Trailers yes, motorhomes no.

BTW, mine have a DOT code of "1608", no dry rot, not cracking, no worries.
People will believe what they want to believe. The first RV that I had I bought brand new in 2000. Sold it in 2016 with around 23k miles. Absent a little tread the tires looked brand new.
Yet some on this forum either think I am a liar or dillusional.
I think it is more likely either other people whose sun baked, stored outside or abused tires gave them much shorter service time or they just drank the coolaid and can't/dont want to believe they got duped into throwing away perfectly good tires.
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Old 06-19-2017, 12:15 PM   #51
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I had 11 years on my Goodyear G670s from when the RV was new. Replaced with Michelins for ride concerns this Spring. There was nothing wrong with the Goodyears except that I couldn't get a good balance from day one. Apparently a known issue in the 22.5 inch tires. Like everything else on the coach, maintenance is key. I expect to get 10+ years out of the new tires before I replace the fronts. BTW, tires that get put on farm equipment will generally sit for 3-5 months out of the year except for planting and harvesting time. Never seen a blowout in almost 40 years of farming and RVing experience where a road hazard wasn't the cause. Premature cracking is usually from over exposure to the sun. Replace as often as you want, but please do the required inspections and maintenance, and keep your tires covered from the sun. Use only recommended tire dressings (no petroleum based products).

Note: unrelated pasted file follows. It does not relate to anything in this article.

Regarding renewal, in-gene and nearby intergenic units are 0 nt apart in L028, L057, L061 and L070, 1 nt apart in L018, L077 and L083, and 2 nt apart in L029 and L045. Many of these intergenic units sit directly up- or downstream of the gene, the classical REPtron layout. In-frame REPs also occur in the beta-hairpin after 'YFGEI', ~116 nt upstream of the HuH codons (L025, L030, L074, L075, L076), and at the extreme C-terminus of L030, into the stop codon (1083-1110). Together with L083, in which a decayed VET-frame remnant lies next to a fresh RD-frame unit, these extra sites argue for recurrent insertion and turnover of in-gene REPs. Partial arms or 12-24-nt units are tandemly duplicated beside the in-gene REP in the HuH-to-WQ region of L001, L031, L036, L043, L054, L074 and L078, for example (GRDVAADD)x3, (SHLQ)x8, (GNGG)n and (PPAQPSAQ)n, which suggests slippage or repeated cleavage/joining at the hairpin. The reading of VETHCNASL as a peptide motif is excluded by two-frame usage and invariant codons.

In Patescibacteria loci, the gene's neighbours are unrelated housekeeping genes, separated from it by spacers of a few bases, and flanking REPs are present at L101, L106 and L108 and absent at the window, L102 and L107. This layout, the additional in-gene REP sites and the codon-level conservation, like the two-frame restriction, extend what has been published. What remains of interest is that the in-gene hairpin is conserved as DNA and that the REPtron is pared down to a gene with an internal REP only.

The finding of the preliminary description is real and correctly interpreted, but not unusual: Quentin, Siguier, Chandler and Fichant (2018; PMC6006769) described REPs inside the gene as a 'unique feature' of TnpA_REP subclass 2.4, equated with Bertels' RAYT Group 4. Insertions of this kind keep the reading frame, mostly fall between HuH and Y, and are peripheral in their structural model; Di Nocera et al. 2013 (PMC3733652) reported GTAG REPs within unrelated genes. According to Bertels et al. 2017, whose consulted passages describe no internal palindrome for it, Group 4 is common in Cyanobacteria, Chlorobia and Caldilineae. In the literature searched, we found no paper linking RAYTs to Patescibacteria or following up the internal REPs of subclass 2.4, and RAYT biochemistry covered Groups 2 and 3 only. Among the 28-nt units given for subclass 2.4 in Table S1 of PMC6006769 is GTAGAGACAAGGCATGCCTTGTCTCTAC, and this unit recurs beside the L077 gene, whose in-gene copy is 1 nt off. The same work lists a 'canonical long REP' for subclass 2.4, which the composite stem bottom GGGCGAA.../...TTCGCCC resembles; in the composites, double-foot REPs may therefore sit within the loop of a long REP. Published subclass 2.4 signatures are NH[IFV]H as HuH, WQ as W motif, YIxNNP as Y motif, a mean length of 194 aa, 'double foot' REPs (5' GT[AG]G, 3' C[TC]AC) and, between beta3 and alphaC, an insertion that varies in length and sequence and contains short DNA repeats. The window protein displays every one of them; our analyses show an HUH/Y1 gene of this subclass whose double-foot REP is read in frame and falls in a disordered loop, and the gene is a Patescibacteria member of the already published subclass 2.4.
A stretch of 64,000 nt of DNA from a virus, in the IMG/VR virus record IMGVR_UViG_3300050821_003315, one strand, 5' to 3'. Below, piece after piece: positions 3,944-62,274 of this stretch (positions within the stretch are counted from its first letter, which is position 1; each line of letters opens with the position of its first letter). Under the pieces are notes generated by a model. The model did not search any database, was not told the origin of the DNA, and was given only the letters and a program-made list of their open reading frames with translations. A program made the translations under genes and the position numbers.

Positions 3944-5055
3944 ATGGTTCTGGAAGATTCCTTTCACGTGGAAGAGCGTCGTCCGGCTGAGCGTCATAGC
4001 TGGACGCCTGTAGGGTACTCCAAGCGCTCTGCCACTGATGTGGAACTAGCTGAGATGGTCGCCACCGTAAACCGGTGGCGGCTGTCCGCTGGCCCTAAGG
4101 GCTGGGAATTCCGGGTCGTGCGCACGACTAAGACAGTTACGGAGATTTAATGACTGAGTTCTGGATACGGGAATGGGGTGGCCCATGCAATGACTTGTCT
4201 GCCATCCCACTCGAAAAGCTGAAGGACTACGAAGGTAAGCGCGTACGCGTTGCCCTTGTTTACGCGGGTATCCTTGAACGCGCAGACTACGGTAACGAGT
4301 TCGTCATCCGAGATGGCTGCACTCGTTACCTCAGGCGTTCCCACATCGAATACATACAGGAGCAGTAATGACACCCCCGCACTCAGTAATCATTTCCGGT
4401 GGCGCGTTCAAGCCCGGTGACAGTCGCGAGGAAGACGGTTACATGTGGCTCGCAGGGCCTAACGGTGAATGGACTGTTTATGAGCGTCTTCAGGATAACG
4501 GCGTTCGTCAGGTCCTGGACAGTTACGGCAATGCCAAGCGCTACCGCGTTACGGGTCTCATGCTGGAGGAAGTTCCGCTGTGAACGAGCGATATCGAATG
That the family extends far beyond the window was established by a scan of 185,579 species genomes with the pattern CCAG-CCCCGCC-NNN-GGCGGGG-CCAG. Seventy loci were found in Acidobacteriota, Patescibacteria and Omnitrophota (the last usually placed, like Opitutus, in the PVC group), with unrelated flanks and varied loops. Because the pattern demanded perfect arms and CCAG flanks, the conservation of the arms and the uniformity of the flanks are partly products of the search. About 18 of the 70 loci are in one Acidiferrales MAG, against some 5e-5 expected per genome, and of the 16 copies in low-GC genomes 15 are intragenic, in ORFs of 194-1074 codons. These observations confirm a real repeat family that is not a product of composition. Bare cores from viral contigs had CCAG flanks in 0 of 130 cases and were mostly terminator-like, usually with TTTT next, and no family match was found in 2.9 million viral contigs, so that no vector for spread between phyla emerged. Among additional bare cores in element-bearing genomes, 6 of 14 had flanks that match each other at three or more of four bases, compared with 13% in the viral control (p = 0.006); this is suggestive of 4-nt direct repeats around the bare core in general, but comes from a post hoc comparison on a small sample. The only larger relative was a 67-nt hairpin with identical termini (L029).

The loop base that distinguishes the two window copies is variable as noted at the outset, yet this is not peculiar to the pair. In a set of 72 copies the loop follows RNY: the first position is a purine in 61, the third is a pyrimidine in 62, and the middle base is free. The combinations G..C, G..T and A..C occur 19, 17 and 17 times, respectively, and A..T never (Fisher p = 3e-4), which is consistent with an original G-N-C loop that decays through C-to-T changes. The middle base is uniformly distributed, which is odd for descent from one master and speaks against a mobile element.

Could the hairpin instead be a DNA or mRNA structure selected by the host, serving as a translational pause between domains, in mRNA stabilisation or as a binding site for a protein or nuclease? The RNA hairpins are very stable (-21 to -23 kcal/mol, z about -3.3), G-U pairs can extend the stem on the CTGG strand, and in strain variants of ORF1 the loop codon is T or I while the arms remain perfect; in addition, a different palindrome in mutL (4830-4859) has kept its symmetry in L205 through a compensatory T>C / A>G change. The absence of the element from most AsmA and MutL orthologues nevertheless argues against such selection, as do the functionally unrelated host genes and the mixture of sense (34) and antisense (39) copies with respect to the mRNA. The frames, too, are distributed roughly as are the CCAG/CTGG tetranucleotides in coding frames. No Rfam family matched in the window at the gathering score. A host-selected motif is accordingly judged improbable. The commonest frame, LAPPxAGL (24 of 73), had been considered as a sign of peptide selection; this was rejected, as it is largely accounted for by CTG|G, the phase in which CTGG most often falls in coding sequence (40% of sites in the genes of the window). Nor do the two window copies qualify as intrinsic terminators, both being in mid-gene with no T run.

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Old 06-19-2017, 01:15 PM   #52
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I had 11 years on my Goodyear G670s from when the RV was new. Replaced with Michelins for ride concerns this Spring. There was nothing wrong with the Goodyears except that I couldn't get a good balance from day one. Apparently a known issue in the 22.5 inch tires. Like everything else on the coach, maintenance is key. I expect to get 10+ years out of the new tires before I replace the fronts. BTW, tires that get put on farm equipment will generally sit for 3-5 months out of the year except for planting and harvesting time. Never seen a blowout in almost 40 years of farming and RVing experience where a road hazard wasn't the cause. Premature cracking is usually from over exposure to the sun. Replace as often as you want, but please do the required inspections and maintenance, and keep your tires covered from the sun. Use only recommended tire dressings (no petroleum based products).
i agree with you on everything